VCU announced today that it will break ground Monday on a $168 million, 640,000-square-foot outpatient Children’s Pavilion that incorporates many of the elements contained in a proposal by the pediatrician consortium, PACKids, that aims to improve quality and ease of care for area children and their families. The VCU announcement was expected, according to area medical professionals familiar with the project.
"This is something we’ve had in mind for years, to make a more children and family-friendly environment,” says Shira Cantor, a spokeswoman with the Children’s Hospital of Richmond at VCU, calling it “just a consolidation of outpatient pediatric services on the MCV campus that is created and designed with children and their families in mind.”
VCU had a similar plan in mind back in 2005, when it announced — even before its merger with Children’s Hospital of Richmond — its intention to build "a full-service children's hospital" with 75 to 100 beds. That proposal, estimated to cost about $150 million, stalled with the economic downturn. Shira declined to comment on what, if anything, had changed to make the economics now feasible.
Included in the new VCU plan are 72 exam rooms, a surgical area with two operating rooms and two procedure rooms, as well as areas for diagnostic testing, imaging and laboratory services.
Those were just some of the hospital functions that PACKids continues to advocate having consolidated in a single facility that would treat only children and would provide streamlined care for those children as well as better services for their families.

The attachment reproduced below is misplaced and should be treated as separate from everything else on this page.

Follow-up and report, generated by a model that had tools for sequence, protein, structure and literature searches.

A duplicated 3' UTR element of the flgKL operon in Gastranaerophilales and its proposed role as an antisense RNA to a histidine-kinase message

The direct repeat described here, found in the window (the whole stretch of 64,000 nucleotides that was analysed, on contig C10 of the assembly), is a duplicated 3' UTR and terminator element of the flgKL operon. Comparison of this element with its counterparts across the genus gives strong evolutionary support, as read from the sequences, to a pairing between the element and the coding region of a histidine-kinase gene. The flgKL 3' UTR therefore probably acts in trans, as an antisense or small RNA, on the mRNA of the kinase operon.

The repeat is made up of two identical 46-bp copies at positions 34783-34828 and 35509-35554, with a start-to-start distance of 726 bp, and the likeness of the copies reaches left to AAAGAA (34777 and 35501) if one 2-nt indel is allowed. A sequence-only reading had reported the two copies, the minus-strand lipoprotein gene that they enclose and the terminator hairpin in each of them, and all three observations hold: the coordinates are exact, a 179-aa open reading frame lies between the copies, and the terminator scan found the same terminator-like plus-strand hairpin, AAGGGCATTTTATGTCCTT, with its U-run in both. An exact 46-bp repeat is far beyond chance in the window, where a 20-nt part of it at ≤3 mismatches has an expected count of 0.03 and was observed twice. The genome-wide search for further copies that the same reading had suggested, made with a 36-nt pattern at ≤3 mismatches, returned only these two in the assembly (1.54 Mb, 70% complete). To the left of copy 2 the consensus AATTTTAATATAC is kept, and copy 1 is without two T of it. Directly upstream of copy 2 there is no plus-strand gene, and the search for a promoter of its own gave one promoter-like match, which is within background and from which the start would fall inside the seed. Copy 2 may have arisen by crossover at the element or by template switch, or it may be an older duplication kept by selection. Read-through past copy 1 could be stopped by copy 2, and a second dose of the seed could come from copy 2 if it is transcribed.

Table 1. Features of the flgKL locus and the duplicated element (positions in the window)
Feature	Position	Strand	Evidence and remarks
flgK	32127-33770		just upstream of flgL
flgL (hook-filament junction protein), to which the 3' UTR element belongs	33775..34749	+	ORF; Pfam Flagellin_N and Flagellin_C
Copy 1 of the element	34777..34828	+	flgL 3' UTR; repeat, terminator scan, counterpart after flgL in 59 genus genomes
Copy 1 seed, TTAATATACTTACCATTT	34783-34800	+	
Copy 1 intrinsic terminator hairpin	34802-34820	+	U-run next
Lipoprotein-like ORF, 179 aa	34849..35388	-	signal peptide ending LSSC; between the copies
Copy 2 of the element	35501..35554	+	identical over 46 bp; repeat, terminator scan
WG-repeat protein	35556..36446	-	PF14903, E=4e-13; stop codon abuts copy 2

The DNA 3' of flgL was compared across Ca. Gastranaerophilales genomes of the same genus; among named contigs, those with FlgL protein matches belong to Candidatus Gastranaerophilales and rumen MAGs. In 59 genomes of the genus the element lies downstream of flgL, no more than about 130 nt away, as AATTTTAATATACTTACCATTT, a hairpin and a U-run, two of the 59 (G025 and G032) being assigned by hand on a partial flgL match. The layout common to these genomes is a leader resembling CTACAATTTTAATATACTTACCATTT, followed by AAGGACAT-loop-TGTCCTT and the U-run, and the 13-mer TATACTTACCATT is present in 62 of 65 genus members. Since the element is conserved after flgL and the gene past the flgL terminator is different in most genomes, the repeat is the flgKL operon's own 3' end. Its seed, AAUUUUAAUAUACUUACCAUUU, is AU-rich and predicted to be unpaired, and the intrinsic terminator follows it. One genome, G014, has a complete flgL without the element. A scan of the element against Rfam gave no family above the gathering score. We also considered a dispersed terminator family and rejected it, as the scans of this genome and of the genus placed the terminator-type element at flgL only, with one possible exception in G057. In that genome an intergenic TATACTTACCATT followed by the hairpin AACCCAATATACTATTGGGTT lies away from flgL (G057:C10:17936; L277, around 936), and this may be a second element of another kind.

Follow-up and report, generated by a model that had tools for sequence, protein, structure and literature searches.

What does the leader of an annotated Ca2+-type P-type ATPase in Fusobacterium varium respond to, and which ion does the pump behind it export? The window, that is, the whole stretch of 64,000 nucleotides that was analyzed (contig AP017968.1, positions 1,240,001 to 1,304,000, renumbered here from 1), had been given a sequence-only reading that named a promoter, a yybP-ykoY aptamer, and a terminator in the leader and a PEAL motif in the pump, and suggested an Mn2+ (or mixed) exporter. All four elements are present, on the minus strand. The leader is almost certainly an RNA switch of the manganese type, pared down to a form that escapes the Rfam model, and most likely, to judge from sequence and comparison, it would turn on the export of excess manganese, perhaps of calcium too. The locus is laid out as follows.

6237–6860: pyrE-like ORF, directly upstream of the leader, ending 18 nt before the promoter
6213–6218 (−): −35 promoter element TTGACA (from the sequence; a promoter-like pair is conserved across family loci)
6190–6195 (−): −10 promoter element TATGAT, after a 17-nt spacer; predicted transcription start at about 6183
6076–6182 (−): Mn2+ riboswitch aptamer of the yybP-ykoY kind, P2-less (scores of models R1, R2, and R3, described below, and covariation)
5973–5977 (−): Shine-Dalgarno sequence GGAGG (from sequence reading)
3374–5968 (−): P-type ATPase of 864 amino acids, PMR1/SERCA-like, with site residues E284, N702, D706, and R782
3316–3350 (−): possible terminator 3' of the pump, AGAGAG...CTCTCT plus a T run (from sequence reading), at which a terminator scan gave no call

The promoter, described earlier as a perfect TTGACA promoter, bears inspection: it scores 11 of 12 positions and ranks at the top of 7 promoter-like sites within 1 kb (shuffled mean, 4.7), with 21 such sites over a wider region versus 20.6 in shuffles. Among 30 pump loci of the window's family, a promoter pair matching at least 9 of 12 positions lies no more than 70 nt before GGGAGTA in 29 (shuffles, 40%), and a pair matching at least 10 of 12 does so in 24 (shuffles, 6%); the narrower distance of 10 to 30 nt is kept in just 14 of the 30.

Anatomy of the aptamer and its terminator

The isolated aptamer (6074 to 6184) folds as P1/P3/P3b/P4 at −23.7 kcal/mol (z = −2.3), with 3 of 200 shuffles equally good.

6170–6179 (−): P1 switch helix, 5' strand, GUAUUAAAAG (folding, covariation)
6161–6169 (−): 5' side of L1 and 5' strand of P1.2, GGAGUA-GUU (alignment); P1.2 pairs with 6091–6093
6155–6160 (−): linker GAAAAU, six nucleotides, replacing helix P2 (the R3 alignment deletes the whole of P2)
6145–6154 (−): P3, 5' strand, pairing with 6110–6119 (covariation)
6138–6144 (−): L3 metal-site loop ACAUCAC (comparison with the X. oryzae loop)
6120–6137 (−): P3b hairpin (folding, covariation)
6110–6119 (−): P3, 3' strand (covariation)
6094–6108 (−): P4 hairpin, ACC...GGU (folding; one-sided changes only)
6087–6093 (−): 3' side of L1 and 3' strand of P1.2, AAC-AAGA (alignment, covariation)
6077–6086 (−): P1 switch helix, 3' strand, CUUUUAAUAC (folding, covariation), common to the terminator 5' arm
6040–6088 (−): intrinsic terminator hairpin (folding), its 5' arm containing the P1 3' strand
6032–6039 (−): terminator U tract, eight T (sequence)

Richmond is the only metropolitan area of its size in the country that lacks a dedicated, stand-alone children’s hospital.
“I don’t think it interferes with what we’re trying to do,” says Dr. Keith Derco, a Henrico County pediatrician who is also vice president of PACKids. “Is it enough to fulfill the vision we have? No.”
Derco says that even with this new facility being adjacent to VCU Medical Center's main campus and its existing 62 in-patient beds dedicated for kids, the VCU model does little to resolve the fragmentation of children's services that complicates their care. “Having been in towns with major children’s hospitals, that’s the place where everything’s consolidated. They transform care — this enhances care, but it doesn’t transform care.”
On the VCU side, Cantor declined to speak to whether the new facility aims to answer some of the criticisms that inspired the PACKids proposal and said university administration officials would not be available to address those issues until the Monday groundbreaking.
Last spring, university officials announced that they would no longer participate in the PACKids effort — though they said they remained open to continued talks — citing the desire to maintain control of the services and facilities they currently offer. Shortly after that, HCA Virginia officials announced that they, too, were withdrawing from participation in the PACKids proposal.
VCU officials have long maintained that they already provide the “continuum of care” for children that PACKids advocates, insisting that though their services are spread over a variety of locations and often not exclusive to providing care to children, their offerings already meet the goals laid out in the PACKids plan.
Meanwhile, the VCU announcement trumpets the plan as a major step forward in consolidated pediatric care, stating that the resulting facility “will be the largest and most advanced outpatient facility dedicated to children in the region.”
PACKids officials say they applaud the VCU effort and that they plan to have representatives in attendance at the groundbreaking.
"It's a wonderful thing," Derco says of the VCU annoucement. "It's a great first step."